Tuesday, October 26, 2021

A panel discussion by Sharjah Architecture Triennial that focuses on recycling, sustainability, environmental impact on architecture fields

The Sharjah Architecture Triennial—a platform that participates in international conversations about architecture has taken step towards the environment as they present a series of discussions on environmental design and architecture as part of its autumn programme.

The discussion series ‘SAT Talks: Re-materialise’ will conduct various panel discussions and video series on recycled alternatives and the use of unsustainable materials in architecture and construction.

The video series, divided into three parts will dig into the production of three different recycled materials that are available locally to the regional designers, and show interviews with the materials’ creators and visitors to their factories and laboratories.

One of the video series features Ziad Abi Chaker –an environmental engineer who collects materials from his town of Beit Mery and other parts of Lebanon to recycle as building materials.

The second video features Ghassan Afiouni, who is a chemist and founder of Steel Wood and makes boards from recycled wood collected across the UAE.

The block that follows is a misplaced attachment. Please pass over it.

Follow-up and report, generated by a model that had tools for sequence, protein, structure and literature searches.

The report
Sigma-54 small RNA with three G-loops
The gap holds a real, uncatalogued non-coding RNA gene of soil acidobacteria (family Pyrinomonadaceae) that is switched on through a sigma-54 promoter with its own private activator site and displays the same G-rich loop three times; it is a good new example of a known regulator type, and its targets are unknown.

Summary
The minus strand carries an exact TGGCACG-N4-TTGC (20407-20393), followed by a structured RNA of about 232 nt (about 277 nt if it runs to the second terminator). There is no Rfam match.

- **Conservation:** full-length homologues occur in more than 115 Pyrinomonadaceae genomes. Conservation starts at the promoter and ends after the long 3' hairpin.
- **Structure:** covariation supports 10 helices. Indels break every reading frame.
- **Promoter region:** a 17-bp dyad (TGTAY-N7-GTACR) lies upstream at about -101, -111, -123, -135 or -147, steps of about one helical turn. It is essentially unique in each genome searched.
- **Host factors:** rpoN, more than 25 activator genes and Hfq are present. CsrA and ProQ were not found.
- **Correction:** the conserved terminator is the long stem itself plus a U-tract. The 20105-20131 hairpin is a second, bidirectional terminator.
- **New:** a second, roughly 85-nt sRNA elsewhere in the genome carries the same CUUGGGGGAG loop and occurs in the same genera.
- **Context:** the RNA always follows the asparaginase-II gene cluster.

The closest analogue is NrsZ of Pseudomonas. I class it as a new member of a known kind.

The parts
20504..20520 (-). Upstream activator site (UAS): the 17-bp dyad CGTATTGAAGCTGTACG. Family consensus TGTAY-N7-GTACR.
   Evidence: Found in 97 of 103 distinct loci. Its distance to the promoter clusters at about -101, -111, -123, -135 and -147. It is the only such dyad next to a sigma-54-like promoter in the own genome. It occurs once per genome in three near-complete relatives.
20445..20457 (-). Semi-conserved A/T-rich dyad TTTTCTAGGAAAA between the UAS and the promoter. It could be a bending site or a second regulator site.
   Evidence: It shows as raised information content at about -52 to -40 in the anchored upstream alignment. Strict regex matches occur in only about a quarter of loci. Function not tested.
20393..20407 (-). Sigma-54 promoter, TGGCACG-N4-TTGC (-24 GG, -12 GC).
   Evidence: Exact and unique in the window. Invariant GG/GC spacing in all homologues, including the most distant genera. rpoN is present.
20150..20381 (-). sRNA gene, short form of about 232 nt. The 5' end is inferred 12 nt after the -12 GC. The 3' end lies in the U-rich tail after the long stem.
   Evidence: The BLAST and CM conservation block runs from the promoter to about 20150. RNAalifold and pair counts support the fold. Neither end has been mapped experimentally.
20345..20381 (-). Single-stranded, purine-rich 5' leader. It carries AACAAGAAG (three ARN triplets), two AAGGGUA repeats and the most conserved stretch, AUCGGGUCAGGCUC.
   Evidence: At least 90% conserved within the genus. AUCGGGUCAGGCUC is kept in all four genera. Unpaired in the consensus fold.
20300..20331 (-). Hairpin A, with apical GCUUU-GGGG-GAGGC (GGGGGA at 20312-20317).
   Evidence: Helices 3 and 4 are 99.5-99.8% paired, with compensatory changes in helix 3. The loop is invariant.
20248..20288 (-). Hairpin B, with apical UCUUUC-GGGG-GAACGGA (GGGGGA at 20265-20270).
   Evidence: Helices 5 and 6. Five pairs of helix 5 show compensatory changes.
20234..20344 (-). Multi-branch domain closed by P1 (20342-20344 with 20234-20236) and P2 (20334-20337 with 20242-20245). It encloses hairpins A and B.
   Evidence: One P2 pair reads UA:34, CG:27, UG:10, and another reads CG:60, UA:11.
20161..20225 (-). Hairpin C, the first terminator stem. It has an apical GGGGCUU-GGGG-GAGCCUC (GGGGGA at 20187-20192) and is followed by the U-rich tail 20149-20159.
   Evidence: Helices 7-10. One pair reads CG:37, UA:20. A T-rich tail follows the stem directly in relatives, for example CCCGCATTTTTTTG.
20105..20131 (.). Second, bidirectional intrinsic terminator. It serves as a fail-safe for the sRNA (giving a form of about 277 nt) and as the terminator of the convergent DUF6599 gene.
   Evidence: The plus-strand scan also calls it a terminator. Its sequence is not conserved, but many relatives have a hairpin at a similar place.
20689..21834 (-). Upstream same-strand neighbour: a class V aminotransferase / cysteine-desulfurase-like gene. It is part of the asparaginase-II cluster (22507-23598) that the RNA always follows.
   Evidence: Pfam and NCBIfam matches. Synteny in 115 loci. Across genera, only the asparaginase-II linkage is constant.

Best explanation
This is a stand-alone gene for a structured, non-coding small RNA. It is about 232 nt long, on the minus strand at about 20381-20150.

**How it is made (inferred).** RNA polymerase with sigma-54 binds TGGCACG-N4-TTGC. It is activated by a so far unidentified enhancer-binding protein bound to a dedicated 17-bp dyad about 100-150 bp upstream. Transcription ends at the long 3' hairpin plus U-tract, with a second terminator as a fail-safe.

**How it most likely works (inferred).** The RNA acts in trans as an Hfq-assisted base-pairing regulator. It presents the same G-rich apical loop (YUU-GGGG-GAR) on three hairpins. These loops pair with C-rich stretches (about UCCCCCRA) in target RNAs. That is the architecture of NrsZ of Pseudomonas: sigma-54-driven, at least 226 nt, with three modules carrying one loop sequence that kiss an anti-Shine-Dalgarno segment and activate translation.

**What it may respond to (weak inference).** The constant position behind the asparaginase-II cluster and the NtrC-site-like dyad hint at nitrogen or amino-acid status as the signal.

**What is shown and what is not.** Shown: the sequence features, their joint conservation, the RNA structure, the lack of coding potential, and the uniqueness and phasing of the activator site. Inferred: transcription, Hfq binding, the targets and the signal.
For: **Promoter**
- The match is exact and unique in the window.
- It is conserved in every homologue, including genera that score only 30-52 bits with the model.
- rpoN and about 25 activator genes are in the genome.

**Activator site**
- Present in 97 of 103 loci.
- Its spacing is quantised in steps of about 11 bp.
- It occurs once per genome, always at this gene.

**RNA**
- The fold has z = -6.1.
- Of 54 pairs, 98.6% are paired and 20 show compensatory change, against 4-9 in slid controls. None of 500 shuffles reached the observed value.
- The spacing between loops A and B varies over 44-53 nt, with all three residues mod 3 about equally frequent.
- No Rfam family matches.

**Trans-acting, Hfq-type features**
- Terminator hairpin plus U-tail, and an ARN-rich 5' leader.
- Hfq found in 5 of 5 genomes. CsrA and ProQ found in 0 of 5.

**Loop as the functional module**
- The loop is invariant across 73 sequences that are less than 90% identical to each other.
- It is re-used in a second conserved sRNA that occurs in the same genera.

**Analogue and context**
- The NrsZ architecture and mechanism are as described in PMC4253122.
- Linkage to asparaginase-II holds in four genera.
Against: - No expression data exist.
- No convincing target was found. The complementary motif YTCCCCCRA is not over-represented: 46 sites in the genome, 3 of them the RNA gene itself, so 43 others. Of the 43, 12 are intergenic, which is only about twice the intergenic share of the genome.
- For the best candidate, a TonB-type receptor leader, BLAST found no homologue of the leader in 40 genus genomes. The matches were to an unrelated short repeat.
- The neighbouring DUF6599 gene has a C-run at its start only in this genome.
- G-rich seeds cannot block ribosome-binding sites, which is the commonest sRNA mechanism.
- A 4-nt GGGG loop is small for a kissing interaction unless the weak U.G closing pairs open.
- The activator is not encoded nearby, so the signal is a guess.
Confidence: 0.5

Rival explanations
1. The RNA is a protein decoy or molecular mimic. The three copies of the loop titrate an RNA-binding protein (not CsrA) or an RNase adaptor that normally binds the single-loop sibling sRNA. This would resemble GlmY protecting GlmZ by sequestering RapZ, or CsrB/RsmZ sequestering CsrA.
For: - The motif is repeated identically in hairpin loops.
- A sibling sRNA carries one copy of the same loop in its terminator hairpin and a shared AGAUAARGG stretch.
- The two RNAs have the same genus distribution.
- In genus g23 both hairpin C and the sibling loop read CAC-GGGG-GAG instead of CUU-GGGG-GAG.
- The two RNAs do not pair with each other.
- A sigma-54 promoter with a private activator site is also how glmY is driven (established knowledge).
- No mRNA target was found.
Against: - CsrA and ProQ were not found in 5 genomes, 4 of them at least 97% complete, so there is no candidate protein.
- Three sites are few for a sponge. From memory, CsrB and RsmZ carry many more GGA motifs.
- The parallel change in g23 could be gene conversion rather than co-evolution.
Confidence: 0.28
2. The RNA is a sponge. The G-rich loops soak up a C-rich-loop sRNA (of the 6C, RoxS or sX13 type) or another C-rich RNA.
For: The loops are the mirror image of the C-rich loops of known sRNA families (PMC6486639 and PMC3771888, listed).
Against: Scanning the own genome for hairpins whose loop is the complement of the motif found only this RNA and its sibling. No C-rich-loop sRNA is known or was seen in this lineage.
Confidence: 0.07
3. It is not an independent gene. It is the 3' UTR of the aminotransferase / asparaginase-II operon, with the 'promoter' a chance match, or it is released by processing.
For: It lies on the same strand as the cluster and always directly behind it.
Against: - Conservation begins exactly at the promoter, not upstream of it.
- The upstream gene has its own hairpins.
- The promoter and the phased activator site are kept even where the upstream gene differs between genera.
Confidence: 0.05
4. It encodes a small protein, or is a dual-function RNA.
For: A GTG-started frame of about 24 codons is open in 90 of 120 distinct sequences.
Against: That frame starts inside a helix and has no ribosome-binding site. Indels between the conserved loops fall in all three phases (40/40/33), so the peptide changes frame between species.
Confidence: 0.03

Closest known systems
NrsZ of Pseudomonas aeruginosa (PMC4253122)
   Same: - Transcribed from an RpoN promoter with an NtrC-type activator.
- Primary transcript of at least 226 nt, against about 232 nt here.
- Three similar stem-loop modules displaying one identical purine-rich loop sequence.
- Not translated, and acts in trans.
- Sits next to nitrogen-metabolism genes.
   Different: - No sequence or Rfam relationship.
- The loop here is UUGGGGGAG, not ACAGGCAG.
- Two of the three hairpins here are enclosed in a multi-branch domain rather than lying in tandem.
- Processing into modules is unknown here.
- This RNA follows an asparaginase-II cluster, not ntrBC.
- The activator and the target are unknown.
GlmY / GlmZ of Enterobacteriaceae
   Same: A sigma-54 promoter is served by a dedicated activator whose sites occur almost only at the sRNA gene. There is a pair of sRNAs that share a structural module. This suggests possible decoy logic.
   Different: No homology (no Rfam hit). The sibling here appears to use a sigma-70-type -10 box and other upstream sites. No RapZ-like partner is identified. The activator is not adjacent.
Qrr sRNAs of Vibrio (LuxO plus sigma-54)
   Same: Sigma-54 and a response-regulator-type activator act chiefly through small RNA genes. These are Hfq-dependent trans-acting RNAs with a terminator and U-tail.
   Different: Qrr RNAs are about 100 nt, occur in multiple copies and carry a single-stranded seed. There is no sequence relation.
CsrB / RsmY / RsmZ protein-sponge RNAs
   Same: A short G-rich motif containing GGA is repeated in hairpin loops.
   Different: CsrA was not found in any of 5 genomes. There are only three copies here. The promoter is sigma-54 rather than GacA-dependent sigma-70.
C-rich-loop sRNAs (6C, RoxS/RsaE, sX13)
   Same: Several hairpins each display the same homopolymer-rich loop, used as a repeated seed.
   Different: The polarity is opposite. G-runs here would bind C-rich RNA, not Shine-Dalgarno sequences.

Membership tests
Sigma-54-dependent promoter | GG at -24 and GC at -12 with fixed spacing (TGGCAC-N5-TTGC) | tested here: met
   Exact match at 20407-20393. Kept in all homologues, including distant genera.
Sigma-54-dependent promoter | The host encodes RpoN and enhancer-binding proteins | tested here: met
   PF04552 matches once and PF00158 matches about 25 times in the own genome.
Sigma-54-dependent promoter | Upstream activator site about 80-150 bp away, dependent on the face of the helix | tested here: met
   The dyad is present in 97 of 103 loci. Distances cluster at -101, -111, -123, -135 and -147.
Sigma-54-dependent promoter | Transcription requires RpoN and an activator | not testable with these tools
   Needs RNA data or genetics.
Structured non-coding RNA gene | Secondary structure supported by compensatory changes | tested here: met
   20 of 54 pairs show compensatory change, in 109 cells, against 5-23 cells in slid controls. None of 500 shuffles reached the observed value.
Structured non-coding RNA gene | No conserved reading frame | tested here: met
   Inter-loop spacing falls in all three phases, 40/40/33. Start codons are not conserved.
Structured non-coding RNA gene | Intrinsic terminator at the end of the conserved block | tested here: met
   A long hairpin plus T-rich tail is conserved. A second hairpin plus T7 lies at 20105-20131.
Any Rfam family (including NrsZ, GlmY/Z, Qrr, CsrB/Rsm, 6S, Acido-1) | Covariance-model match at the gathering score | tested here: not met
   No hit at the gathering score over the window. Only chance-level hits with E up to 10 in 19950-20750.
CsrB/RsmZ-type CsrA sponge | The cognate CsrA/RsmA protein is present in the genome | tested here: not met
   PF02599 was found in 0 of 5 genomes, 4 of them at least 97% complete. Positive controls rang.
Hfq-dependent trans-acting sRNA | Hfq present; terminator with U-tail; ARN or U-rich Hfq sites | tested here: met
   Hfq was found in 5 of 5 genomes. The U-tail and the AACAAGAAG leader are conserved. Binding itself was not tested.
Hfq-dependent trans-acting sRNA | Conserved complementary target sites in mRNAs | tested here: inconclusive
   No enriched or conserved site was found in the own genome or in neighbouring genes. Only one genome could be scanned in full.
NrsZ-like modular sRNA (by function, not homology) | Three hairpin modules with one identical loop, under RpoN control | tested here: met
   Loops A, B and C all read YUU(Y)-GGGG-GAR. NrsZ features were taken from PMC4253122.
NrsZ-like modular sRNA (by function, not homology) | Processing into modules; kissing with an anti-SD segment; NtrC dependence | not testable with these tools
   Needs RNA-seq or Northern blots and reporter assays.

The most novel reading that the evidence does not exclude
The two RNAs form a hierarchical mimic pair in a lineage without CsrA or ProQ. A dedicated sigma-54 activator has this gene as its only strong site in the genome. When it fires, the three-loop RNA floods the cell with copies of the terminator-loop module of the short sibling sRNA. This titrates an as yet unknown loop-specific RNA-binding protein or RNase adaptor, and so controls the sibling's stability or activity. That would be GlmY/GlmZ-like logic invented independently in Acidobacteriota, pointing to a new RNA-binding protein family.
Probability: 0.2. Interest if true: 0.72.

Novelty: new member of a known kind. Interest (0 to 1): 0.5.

The third episode throws the spotlight on Nicolas Calvet, co-founder, and chief executive of Seramic Materials Limited — a UAE start-up company that is a pioneer in recycled ceramics.

The panel discussion will take place at Al Qasimiyah School on Saturday, October 9 and will be joined by fashion designer Noorin Khamisani, who is a lecturer at the Dubai Institute for Design and Innovation, and an architect Mirko Daneluzzo, co-founder of design company Nyxo and a lecturer at DIDI.

The Sharjah Architecture Triennial was inaugurated in 2019 and ended in February last year, just before the Covid-19 pandemic hit the globe. The team at SAT, therefore, began rethinking its first iteration’s theme of Rights of Future Generations, which approached to address issues of inheritance and responsibility as it links to the continuing climate crisis and architecture.

Cover Image: Sharjah Architecture Triennial | Instagram

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